Ranking all 30 teams in the NBA: Where do the Boston Celtics rank?

With most of the free agency signings and big-name trades in the rear view mirror, it's time to evaluate the current NBA landscape. This is a way-too-early ranking of all 30 teams in the NBA.
The Boston Celtics are the class of the NBA
The Boston Celtics are the class of the NBA / Stacy Revere/GettyImages
1 of 4


No. 30: Brooklyn Nets

The Brooklyn Nets just traded their best player, Mikal Bridges, to the New York Knicks for seven future draft picks. Was that move a prerequisite for a team trying to enter the Cooper Flagg sweepstakes? I believe so.

Are the Nets entering a multi-year rebuild? I believe so. Do the Nets have a strategic plan to maximize a multi-year rebuild? I don’t think so. 

No. 29: Detroit Pistons

The Detroit Pistons had 36 different starting lineups last season. They only won two more games than the Detroit Lions. Turning this franchise around, will be as easy as it is to make a u-turn in a bullet train. Pray for J.B. Bickerstaff. 

No. 28: Portland Trail Blazers 

Drafting Donovan Clingan was a step in the right direction for the Portland Trail Blazers. I’m still not sold on Scoot Henderson’s potential as a future All-NBA caliber guard. I expect another season with fewer than 25 wins and a high-end lottery pick. 

No. 27: Chicago Bulls 

The Chicago Bulls had stellar luck in the NBA Draft, landing Matas Buzelis with the 11th pick. While they lost Alex Caruso, they gained a young swiss-army knife in Josh Giddey — who will develop into a connective playmaker for this team — capable of playing anywhere on the wing.

Unfortunately, the Bulls’ lost their ace, DeMar DeRozan, to the Sacramento Kings in a sign-and-trade deal — receiving little towards their immediate bottom line.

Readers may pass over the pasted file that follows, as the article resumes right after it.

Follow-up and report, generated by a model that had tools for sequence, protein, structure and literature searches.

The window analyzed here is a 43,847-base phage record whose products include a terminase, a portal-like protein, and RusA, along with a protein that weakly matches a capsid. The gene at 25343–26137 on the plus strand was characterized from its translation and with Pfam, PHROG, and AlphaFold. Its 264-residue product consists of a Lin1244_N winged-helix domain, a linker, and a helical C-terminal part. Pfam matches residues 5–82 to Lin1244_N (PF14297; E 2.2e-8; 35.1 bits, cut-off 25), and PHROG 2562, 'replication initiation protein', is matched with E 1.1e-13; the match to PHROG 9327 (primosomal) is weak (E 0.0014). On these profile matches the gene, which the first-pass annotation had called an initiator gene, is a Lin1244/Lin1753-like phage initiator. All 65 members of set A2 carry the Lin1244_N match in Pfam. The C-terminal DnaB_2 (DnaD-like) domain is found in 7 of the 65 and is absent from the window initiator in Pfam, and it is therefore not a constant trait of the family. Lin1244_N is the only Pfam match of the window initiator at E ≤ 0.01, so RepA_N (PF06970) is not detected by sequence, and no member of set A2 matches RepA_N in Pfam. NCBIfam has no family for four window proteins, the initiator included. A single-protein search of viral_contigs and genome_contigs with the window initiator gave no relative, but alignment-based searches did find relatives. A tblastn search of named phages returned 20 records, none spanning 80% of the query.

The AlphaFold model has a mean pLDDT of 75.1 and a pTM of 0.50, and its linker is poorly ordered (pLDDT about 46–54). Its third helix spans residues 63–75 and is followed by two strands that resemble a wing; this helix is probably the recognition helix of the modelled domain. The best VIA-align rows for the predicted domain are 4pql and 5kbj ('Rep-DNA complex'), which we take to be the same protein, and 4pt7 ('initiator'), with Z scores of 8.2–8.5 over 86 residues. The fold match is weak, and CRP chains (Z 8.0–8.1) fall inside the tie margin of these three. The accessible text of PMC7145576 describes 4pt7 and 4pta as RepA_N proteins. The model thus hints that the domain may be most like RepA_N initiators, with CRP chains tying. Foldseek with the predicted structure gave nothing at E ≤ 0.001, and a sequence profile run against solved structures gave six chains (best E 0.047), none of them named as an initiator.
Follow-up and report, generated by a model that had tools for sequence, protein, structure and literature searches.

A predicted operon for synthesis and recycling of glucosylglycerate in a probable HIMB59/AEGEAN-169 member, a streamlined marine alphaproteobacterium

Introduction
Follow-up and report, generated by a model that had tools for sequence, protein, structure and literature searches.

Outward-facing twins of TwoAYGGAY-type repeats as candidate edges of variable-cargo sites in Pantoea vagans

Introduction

No. 26: Atlanta Hawks 

The basketball community has spent the last two months cyber-bullying the 2024 NBA Draft class. Zaccharie Risacher has essentially become the spokesman for this group of players. Did the Hawks’ draft a generationally talented player?

Here’s a better question: would the Hornets trade Brandon Miller for Risacher? The answer to both questions is probably not. 

No. 25: Toronto Raptors 

I really like Ja’Kobe Walter. He has tremendous upside offensively as a three-point shooter and as an on-ball defender. It’ll be interesting to see how he fits in the Raptors rotation, alongside Scottie Barnes, Immanuel Quickley, and R.J. Barrett. The Raptors still need size and a steadier play-caller, before they’re ready to return to relevancy.  

No. 24: Washington Wizards

The Washington Wizards have had a pretty strong start to the offseason. They drafted Alex Sarr with the number two overall pick and acquired both Malcolm Brogdon and Jonas Valanciunas, two savvy veterans who have been key contributors to playoff teams in the past.

Can Kyle Kuzma and Jordan Poole help guide this team in a positive direction in 2025? It depends on who's sitting courtside. 

No. 23: Utah Jazz 

I’m not a Pro Bono lawyer. The Collective Bargaining Agreement is, admittedly, a little confusing. I do know that Lauri Markkanen is eligible for an extension on August 6. So, the issue is twofold: (1) after Markkanen signs an extension, he will not be trade-eligible for six months and (2) the Utah Jazz are not sold on paying top-dollar for Markkanen.

So, will “Dealer” Danny Ainge rid himself of Lauri Markkanen’s contract before it implodes in his face, or will the Jazz pay Markkanen and worry about trading him at a later date? What can the Jazz receive in return for Markkanen?

These are all questions that impact the Jazz’s ranking on this list. Until Markkanen is actually traded, I think 23rd is more or less accurate.